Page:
education investment, so leadership’s foundation of self-centered ideals and poor means
of assessment is problematic for the hard work of “educating citizens who can sustain and
develop inclusive democratic spheres” (Giroux, 2002, p. 432). By questioning the
philosophical underpinnings of the subjectivity and agency of the leader, I am filling in
some of the weaknesses identified by Kellerman and expanding notions of who can be a
leader and how that leadership may occur.
Kellerman (2012) enumerates the assumptions she sees the leadership industry
being built upon including,
Leadership is a skill of some sort, which everyone everywhere should aspire to
acquire; leadership can be learned quickly and easily— over a period of months
or weeks or even a weekend; in comparison with leaders, followers are [a] less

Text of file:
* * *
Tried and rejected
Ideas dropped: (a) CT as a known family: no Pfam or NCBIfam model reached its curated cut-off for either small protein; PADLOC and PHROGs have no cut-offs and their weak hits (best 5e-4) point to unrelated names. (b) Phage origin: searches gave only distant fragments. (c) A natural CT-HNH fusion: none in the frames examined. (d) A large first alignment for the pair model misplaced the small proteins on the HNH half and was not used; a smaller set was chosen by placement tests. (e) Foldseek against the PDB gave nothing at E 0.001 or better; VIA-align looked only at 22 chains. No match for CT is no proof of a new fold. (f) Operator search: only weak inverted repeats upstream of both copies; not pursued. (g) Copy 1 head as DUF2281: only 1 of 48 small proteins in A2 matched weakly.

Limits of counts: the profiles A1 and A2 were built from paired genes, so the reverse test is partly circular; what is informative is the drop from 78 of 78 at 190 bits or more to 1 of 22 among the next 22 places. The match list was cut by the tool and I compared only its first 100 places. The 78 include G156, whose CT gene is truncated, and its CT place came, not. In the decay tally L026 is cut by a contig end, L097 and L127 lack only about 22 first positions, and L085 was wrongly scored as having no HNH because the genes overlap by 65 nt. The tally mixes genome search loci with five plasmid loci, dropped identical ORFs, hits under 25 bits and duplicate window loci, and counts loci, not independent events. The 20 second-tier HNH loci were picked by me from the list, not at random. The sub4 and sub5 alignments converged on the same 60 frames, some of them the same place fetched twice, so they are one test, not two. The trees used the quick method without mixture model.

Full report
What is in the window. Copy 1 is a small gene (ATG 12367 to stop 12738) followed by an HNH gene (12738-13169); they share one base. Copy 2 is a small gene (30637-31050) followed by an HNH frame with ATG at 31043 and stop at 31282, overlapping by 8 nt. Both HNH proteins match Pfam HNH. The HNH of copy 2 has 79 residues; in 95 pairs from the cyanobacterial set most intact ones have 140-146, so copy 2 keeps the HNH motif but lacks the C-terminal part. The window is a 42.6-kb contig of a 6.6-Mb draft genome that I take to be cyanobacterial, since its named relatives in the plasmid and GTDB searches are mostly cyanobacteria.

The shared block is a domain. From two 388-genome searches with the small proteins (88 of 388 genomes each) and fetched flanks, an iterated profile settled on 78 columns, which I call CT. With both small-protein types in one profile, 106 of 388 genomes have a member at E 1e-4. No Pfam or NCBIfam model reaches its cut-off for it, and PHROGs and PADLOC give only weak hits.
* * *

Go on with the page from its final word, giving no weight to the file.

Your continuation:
valuable commodity; context is of secondary or even tertiary consequence; and
leaders control outcomes. (p. 154, italics added)
This list provides a place to question the leadership industry’s suppositions, particularly
the idea of everyone everywhere. We are all presumed consumers of leadership material,
making people appear as a unified consumer body, but by saying everyone everywhere
can be a leader assumes much about social context and social realities. This is especially
true if the theoretical basis for which one is assumed to be leader does not take into
account “the complex and multiple ways in which the subject and object of possible
experience are constituted” (Alarcón, 1990, p. 361). The assumption that leadership can
transfer from person to person without real conversations around race, gender, and class
as well as how leaders are known as subjects is problematic, yet the leadership industry
assumes subjectivity and agency are accessible to all people.
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